What’s Your Diagnosis?

Twenty-seven-year-old attorney concerned about skin growth at base of penis. Growth is nonpruritic, painless, and unchanged since he first noticed it 1 month ago. Has had one steady sexual partner in the last year; mutually faithful and monogamous. Uncertain about whether his consort has any asymptomatic genital lesions, but sure neither has ever had any painful lesions and that they have “no history of syphilis, gonorrhea, herpes, AIDS, or CHlamydia.” Both have had premarital laboratory studies for all these except herpes.



Penis looks well; somewhat apprehensive. Afebrile. Physical examination normal apart from the penile lesion shown. Lesion is soft, plaquelike to slightl warty, non-tender, and not ulcerated. No other lesions in or about the urethral orifice, the remainder of the penis, scrotum, perineum, or the anal region.


Although a host of other genital lesions can occur in males, none is likely to look as flat, as flesh-colored, and as free of ulceration as this one did; the concyloma latum of syphilis is the only exception. Even though the relatively promixal location of the lesion and its partly exophytic look made the clinician think of other conditions as well, the preoperative diagnosis was condyloma acuminatum. This diagnosis was confirmed by an excisional biopsy.


Condyloma acuminatum, which is becoming more common every day, appears as a flat (later polypoid), fleshy, nonscaly, soft growth, which is unlikely to be confused with a malignancy on physical examination. It is painless unless abraded. The lesion results from chaotic epithelial overgrowth due to infection with certain strains of the human papillomavirus (HPV). If it looks a bit like an ordinary penis wart, that is because other strains of the same HPV cause common warts. Since only the “anogenital” HPV strains are prone to infect the moister environs of the perineum and penis in preference to other skin, ordinary warts occur only very rarely in or on the penis. Almost any surface may be affected by the anogenital strains, including the upper inner thighs; any part of the penis or scrotum, the areas of the corona and sulcus and under the foreskin in particular; the labia majora or minora; and the urethral orifice, perianal region, or anus itself in either sex.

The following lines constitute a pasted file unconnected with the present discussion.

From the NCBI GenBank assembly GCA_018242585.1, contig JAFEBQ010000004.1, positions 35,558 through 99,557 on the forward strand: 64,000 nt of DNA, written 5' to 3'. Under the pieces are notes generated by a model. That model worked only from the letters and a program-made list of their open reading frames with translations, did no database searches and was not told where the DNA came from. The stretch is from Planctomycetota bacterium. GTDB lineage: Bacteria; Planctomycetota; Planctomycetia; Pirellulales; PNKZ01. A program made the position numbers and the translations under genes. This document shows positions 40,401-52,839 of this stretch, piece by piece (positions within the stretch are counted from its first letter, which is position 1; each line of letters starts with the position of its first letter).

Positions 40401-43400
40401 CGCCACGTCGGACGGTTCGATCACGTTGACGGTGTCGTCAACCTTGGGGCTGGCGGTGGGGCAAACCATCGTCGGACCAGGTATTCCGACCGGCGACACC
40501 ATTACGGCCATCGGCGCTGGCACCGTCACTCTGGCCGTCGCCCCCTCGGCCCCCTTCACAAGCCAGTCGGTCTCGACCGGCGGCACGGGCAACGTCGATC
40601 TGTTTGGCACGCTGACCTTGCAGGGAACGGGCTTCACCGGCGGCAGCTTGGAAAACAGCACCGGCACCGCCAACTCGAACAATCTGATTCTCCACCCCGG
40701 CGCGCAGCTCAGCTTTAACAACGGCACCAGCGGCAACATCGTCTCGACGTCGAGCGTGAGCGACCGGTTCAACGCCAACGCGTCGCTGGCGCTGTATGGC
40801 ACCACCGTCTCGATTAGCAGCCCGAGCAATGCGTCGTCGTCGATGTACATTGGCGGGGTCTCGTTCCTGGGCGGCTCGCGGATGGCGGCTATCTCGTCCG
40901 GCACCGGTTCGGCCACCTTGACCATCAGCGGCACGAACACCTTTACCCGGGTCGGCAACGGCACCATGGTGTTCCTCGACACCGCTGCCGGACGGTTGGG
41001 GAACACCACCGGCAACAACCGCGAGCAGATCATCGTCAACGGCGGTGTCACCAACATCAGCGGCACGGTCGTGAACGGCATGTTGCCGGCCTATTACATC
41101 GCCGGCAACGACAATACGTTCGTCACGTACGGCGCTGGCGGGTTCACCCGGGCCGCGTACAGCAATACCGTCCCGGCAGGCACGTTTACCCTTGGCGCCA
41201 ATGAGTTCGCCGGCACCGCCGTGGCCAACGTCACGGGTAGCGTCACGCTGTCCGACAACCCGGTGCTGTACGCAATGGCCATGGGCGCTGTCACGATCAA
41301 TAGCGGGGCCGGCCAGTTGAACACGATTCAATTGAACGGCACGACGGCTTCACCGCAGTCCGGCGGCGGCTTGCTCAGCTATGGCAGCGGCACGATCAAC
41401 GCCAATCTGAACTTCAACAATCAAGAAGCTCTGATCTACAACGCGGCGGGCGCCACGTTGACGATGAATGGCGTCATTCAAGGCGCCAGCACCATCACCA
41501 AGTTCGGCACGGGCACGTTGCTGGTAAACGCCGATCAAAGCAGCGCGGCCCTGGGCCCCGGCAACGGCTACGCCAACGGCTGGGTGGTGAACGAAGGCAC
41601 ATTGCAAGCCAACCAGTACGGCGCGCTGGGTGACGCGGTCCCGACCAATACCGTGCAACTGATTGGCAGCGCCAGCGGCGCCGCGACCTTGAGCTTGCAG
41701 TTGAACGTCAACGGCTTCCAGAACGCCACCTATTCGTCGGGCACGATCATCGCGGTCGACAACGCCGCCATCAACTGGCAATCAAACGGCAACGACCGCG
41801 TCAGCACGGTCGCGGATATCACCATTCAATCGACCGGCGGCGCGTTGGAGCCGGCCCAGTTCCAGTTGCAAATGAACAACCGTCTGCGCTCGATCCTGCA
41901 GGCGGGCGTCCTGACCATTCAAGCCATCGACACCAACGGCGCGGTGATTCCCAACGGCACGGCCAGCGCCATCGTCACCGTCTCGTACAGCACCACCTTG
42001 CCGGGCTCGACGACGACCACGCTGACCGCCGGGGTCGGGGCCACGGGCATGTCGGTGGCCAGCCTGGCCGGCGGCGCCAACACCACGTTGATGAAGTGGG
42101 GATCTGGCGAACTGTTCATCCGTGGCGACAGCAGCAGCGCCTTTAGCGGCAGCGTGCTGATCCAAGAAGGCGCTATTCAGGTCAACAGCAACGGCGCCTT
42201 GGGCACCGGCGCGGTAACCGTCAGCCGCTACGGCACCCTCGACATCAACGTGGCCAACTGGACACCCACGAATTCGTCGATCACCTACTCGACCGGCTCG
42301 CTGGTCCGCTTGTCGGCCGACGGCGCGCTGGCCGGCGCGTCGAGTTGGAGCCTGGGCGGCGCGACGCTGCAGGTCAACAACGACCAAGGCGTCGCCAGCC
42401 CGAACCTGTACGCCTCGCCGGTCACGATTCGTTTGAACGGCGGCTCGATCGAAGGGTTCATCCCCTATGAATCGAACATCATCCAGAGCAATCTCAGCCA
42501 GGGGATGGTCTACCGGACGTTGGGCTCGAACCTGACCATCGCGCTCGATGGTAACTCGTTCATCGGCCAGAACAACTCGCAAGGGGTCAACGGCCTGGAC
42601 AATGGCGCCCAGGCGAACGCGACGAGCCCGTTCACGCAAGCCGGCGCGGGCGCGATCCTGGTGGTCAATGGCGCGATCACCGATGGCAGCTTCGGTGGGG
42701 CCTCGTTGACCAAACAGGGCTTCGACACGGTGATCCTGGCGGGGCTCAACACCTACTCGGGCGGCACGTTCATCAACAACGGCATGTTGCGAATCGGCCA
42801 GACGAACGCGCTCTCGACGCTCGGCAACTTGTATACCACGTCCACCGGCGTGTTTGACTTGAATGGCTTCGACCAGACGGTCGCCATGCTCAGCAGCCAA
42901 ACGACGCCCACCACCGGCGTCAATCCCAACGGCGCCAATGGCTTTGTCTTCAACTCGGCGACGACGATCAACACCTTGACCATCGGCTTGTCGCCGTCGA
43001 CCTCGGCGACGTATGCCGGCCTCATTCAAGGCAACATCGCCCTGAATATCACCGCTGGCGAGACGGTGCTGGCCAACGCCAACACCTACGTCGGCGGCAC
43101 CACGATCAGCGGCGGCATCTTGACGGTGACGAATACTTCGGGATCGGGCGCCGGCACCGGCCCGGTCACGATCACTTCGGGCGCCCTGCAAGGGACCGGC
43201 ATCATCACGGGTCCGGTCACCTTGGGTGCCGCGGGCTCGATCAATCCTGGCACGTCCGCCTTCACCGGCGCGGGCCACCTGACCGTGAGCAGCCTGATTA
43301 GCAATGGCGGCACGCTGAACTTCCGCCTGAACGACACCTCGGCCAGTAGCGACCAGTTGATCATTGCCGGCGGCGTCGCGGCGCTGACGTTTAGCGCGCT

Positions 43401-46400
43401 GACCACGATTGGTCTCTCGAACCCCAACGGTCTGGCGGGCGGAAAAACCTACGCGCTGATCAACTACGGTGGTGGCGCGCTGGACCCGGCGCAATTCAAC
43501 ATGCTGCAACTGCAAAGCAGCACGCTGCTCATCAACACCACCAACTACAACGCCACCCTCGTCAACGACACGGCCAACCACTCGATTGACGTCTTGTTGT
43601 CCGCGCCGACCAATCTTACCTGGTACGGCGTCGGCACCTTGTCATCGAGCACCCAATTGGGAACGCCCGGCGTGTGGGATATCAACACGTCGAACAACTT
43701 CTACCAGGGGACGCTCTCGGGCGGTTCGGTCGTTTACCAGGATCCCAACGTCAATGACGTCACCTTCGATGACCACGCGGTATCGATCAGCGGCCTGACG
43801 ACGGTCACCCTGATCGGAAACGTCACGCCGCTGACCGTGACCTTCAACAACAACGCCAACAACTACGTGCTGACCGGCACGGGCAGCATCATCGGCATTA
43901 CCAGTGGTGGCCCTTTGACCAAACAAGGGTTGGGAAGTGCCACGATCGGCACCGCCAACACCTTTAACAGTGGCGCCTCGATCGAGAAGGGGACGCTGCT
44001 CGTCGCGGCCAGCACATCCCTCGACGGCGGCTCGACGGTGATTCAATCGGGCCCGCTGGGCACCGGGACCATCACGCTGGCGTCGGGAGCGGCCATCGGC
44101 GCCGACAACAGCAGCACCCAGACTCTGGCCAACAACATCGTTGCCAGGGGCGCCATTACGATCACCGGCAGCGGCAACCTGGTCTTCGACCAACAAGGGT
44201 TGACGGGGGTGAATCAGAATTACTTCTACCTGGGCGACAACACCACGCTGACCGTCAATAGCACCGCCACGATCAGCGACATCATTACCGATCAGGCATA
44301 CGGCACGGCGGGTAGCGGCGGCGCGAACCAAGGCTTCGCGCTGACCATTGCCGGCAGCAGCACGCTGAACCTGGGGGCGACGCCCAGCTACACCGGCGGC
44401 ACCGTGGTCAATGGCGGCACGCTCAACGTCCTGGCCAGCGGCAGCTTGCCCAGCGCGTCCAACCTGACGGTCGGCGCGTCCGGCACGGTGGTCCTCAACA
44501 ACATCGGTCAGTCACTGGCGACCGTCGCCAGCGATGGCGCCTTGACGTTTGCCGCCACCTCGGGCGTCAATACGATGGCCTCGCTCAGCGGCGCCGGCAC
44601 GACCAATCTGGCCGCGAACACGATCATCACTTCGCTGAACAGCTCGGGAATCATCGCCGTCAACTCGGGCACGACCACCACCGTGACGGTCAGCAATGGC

The most characteristic appearance in men is of 1-3 mm sessile lesions on the penis; these are often a bit more whitish pink, more “sea anemone-like,” and more friable-looking than the one illustrated. It is very important to realize that the vagina and uterine cervix may harbor lesions that, although caused by the same organism as those in the male, are often flat and white rather than exophytic. There is compelling evidence that the virus is transmitted by sexual contact, with an average incubation of two months.

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Why, then, did this patient develop his penis lesions when he did, assuming the sexual history was absolutely accurate? Perhaps he had had longer-standing tiny lesions that were grossly invisible by just looking at the penis; these are known to occur in either sex, and may be detectable only with the in-vivo microscopy of a colposcope. Also, sometimes flat lesions are rendered more visible on the penis by presoaking the genitals with dilute acetic acid. In any case, you must examine and treat both partners if you are to benefit either.